JM: In your role as co-founder and CEO, how do you go about building the UrbanLogiq team?
MM: The main thing — we call it our North Star — is a very simple thesis: We build better communities with data. So, the single thing that we look for when it comes to building a team is people who get excited about that. People with the skill sets that we need can have their choice of jobs. So, it actually acts as a really good filter, which is, ‘you could work for any company, you could take any job you want, you're that smart or that hardworking…’ But if you're excited by the idea of using your talents to build better communities — the code you write is going to build a better community in Toronto or London or New York — if that excites you, it actually becomes a very clarifying recruitment call. And even though we have people from a diversity of backgrounds, everyone here has that common purpose that they all share. That forms the nucleus of our culture.
JM: Say I buy into that common purpose. How would I go about applying?
MM: We have a hiring page on our website where we have listed different jobs that we're actively recruiting for. Now, once that process kicks off, there is a hiring committee that represents not only the team that you'd work on, but also different teams within the company. Because it's a small team — there's only about 21 of us right now — even once you join, say, a data science team, the reality is we tend to work across the entire company. Any solution for the client requires involvement of different teams, so we want to make sure that the people that you'd be working with are excited to work with you, too. That hiring committee represents a cross-segment of the entire company.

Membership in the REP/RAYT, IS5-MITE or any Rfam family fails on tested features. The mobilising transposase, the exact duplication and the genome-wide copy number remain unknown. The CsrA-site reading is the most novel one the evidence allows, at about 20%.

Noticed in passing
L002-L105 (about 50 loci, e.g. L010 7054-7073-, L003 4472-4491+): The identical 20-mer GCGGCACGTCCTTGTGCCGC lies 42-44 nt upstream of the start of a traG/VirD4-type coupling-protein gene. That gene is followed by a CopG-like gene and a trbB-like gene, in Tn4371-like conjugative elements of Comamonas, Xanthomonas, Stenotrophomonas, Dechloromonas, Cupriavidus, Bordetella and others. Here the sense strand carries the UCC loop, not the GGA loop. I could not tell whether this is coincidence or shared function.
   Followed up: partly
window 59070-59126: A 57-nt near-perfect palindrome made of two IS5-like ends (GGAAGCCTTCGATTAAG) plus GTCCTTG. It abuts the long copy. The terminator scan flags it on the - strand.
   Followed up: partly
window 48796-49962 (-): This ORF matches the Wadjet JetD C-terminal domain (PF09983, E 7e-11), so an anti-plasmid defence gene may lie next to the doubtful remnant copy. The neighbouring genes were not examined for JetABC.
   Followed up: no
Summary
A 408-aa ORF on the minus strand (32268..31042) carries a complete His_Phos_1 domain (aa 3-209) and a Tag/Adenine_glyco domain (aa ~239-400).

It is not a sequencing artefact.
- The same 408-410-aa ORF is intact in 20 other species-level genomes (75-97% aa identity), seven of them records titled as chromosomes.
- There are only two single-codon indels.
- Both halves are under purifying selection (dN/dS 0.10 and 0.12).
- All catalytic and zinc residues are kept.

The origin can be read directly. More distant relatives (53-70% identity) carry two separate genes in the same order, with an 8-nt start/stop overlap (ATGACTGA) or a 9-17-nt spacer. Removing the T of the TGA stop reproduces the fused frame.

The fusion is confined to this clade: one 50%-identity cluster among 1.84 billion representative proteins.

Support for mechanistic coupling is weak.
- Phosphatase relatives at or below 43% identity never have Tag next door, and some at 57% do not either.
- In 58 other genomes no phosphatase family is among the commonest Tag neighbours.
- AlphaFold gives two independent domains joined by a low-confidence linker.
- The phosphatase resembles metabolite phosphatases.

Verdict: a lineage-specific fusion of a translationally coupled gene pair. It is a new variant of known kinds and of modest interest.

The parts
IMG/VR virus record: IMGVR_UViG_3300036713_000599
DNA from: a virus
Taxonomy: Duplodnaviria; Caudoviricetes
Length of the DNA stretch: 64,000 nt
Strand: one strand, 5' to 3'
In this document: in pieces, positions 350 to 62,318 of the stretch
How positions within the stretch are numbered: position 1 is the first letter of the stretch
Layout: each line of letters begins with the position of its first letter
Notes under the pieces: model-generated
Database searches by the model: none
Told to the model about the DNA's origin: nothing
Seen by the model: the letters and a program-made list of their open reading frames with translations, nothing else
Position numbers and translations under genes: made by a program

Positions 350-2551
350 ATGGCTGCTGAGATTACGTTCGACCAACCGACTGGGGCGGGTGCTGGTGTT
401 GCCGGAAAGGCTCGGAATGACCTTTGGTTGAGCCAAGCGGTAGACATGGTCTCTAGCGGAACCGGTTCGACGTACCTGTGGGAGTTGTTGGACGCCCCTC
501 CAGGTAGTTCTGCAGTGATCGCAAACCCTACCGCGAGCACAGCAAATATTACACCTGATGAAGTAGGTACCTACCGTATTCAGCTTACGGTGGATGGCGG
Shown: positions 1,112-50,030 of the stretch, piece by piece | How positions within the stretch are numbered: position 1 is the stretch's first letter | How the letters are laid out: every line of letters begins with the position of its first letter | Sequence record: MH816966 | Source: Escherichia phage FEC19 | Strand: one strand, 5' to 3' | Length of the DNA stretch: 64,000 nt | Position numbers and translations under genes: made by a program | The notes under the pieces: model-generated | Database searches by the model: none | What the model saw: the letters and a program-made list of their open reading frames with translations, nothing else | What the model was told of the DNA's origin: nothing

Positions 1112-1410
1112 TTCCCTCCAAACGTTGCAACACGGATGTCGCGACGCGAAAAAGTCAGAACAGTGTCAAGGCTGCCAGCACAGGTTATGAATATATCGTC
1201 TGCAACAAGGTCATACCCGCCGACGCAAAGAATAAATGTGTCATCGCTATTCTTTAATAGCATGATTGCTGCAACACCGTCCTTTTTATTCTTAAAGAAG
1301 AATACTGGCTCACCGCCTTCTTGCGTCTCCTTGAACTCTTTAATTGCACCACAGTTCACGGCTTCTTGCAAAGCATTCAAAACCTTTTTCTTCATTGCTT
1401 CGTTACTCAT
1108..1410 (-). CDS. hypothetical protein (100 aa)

Then, there is a phone screen, an in-person interview, and a skills test. [The test] mutually validates that you'd have the abilities to solve the problems that our clients need and, at the same time, the kind of work is what you'd want to do. You basically get a taste of it. Then, the final meeting is with myself. It's actually just a discussion: I share where the company is going and you can share what your career goals are. And then it just becomes very clarified whether there's alignment or not. So, that's the formal process.
The other thing I would suggest is just get to know or reach out to members of our team. There have been times where we weren't formally looking for a particular role. But we got to know someone, got very excited by them, and we realized that we should create a role for that person.